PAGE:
By Lawrence S. Wittner
Although, in recent decades, American conservatives have embraced what they call the “Right to Life,” they have certainly done a poor job of sustaining life in the United States.
That’s the conclusion that can be drawn from a just-published scientific study, “U.S. state policy contexts and mortality of working-age adults.”
Funded by a grant from the U.S. National Institute on Aging and prepared by a group of U.S. and Canadian researchers, the study found a close relationship, in the period from 1999 to 2019, between the mortality rates of Americans between 20 and 64 years of age and the conservative or liberal control of their state governments.
Specifically, the study concluded that a state’s liberal policies promoting gun safety, environmental protections, labor rights (e.g., minimum wage and paid leave), progressive taxation and tobacco control lowered mortality rates. By contrast, a state’s conservative policies in these areas increased a state’s death rate. Thus, in 2019, life expectancy in conservative Mississippi stood at 74.4 years; in liberal Hawaii, at 80.9 years.
The authors estimated that if all states had had a maximum liberal orientation in the public policy areas studied, 171,030 working-age lives would have been saved in 2019 alone. On the other hand, if all states had had a maximum conservative orientation that year, an additional 217,635 working-age deaths would have occurred.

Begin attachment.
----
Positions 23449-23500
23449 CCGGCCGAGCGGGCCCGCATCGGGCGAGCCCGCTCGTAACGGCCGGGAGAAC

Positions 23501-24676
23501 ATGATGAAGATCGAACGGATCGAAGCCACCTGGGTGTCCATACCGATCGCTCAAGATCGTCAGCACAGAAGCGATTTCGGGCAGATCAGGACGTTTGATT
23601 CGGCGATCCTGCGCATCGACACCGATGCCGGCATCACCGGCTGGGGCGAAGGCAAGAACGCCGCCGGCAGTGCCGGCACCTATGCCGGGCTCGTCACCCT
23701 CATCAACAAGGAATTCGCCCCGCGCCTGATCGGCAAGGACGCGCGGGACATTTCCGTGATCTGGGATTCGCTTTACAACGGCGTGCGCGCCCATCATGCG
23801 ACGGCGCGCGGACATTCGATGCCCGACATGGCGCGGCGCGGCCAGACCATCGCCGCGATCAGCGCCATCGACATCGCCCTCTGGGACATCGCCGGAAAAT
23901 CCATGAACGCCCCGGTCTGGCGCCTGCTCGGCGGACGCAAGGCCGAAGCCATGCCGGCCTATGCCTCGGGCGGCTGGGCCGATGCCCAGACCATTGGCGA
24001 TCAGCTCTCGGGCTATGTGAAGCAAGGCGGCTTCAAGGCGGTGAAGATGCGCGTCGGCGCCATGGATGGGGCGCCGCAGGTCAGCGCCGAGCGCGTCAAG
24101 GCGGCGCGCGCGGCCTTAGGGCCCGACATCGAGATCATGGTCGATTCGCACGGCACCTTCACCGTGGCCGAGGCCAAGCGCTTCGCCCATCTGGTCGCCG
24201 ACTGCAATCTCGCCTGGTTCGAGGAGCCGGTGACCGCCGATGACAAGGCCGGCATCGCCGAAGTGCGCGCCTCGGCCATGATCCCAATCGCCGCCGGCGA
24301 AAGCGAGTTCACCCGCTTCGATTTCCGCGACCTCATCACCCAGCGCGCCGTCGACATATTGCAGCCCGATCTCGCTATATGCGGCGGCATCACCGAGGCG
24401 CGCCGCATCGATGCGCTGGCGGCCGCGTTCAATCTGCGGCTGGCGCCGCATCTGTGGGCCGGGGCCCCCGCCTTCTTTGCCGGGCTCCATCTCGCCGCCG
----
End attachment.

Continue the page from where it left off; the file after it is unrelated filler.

Especially strong associations were found between the absence of gun safety and suicide mortality among men, between the absence of labor rights and alcohol-induced mortality, and between the absence of tobacco taxes and economic taxes and cardiovascular mortality.
The association between conservative governance and rising death rates might also explain why, with the growth of rightwing Republican control of many states, the U.S. mortality rate, long on the wane, has been rising dramatically since 2009.
The result, as the authors of the recent scientific study observe, is that in 2019, Americans―who then had a life expectancy of 78.8 years―died 5.7 years earlier than the Japanese, 3.3 years earlier than Canadians and 2.5 years earlier than the British. In 2020, U.S. life expectancy dropped to 77.0 years. In 2021, it dropped to 76.1 years.
As Americans cast their votes this November, they might want to consider whether these kinds of conservative public policies have served them well in the past and will do so in the future.
Dr. Lawrence Wittner is professor of history emeritus at SUNY/Albany.